10+1 trends of Russian beer market 2015-2017Despite of the moderately negative prognoses for 2017, the beer market can be stabilized soon. Yet the years of the negative dynamics have resulted in marketing being limited just to “optimization” and the art of balancing between price and volumes. Bigger supermarkets share means stronger trade marketing. These processes are connected to the majority of the described trends. At the same time, the federal brands inflation leads to searching for new tastes, sales channels and contact formats that expand the product range and diversify the beer market, but do not imply a substantial volume increase. Let us enumerate and further discuss the ten trends of the beer market we can see in 2015-2017 as well as the major event of 2017.
Beer market of Ukraine 2017In the first half of 2017, the Ukrainian beer market goes on decreasing slowly. Yet, the companies manage to compensate their lost volumes by raising prices and improving the sales structures. This results in the mid price market segment reduction while the sales of premium brands are rising. These processes are connected to position strengthening of companies Carlsberg Group and Oasis and the market share reduction of Obolon. Most of the novelties by the market leaders belong to craft or hard lemon categories.
Beer market of Russia 2016: PET goes to draftThe beer market of Russia was warmed up by the hot summer, but the preparation for large volume PET prohibition has already impacted it negatively. The year was successful for Efes, MBC and regional producers; Carlsberg’s positions were virtually stable but AB InBev and Heineken lost a part of market share having focused on the sales profitability. The dynamics of big brands was determined by how much the companies were willing to keep the prices down or by their promotional activity. In this context the economy segment of the beer market and sales of inexpensive draft beer were increasing. The premium segment started shrinking due to license brands migrating to the mainstream segment.
Beer market of Vietnam: “Young tiger”Vietnam is one of the few big beer markets that continue to grow steadily. The beer popularity results from its low price, street consumption culture, and social motives. The outlooks of beer market as well as the Vietnamese economy inspire optimism, though the country is heavily dependent on export of goods. The state regulation can be called liberal, but the key risk for brewers is harbored in intensive rising of excise. Within TOP-4 there are two leaders, Sabeco and Heineken that grow at the fastest rates. The first company effectively employs its capacities, the second one focuses on marketing technologies. Almost 80% of the market belongs to century-old brands, yet the middle class and the youth are shifting their interest toward international premium that is growing taking share from the mainstream.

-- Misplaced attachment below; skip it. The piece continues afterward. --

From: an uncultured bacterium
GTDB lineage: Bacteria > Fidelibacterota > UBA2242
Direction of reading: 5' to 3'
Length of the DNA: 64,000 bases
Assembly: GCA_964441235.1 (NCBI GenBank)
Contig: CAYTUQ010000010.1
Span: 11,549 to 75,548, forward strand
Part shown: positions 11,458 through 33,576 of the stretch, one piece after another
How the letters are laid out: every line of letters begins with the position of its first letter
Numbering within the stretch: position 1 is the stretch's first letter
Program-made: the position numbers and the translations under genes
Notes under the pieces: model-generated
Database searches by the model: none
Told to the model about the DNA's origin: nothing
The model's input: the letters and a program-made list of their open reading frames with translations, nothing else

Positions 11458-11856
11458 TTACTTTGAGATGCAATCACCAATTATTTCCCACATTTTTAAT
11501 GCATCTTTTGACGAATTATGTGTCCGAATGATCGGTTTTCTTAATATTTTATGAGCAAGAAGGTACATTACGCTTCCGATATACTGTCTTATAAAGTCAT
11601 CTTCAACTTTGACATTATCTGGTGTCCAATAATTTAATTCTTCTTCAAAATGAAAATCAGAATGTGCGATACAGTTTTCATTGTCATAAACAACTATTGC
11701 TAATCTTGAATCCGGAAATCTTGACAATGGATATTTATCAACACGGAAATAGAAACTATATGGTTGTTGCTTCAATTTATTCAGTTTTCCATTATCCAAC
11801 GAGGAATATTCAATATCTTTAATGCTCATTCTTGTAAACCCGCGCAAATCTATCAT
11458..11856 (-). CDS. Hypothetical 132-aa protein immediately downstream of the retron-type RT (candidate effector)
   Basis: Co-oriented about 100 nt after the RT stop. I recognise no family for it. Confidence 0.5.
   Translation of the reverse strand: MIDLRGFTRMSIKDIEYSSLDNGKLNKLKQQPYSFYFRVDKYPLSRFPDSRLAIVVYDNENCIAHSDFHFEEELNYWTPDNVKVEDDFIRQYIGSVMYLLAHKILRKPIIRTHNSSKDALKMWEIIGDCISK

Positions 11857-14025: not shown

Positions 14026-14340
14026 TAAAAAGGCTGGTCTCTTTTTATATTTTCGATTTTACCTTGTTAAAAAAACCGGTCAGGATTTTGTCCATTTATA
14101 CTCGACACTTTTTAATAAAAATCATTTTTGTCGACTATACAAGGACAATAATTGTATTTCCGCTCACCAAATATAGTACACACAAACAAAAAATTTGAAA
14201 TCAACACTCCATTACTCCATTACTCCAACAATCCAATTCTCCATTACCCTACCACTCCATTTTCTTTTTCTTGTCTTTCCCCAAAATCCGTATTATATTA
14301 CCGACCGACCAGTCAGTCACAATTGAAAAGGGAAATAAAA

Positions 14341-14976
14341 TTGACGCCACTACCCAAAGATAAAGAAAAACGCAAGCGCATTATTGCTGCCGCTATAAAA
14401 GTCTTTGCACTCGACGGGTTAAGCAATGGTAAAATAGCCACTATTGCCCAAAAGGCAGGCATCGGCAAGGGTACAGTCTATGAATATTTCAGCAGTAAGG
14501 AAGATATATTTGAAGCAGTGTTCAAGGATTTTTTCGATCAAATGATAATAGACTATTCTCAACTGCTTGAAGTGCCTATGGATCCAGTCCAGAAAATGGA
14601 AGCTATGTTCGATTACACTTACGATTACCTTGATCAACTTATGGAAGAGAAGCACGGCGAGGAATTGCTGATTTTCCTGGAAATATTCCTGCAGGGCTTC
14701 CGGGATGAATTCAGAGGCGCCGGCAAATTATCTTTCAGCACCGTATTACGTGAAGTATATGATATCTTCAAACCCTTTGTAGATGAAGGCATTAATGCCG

Anheuser-Busch InBev, Modelo deal could pave way for SABMiller ‘mega-merger’
The 81-page study – Global Beer: the Road to Monopoly – published by advocacy group the American Antitrust Institute, examines recent consolidation in the sector and assesses its future make-up. A-B InBev last week said it is “working proactively” with US regulators over the Modelo deal, having had approval in Canada, the UK and Mexico.
“The manner in which the DOJ (Department of Justice) treats the A-B InBev-Modelo transaction will provide clues to how it might treat a merger of the two leading suppliers of the US market and the world market,” the report says.
In July, A-B InBev's CEO, Carlos Brito, argued that the combination of A-B InBev and Modelo will make "no change" to the US beer market.
On the long-rumoured merger between A-B InBev and SABMiller, the report highlights that “it is becoming more difficult for beer companies to expand their businesses without entering new markets and absorbing existing facilities”.
It adds: “Some analysts see this as a good geographic match for the two companies. A-B InBev is strong in North America and China. SABMiller has greater international presence, particularly in high-growth emerging markets in Latin America and Africa.”
However, the report's author, Bernard Ascher, also flags one commentator's view that a combination of the “bitter rivals” would be like “a merger of Catholics and Protestants”.
"The two giant firms are keen rivals with different strategies and business cultures," Ascher says in the report. "Both firms, however, are publicly owned and need to show profits and growth to their stockholders at a time when it has become more difficult to grow without mergers and acquisitions”.
Ascher also suggests that further acquisitions of US craft brewers by larger companies is likely, following A-B InBev's purchase of Goose Island last year.
22 Nov. 2012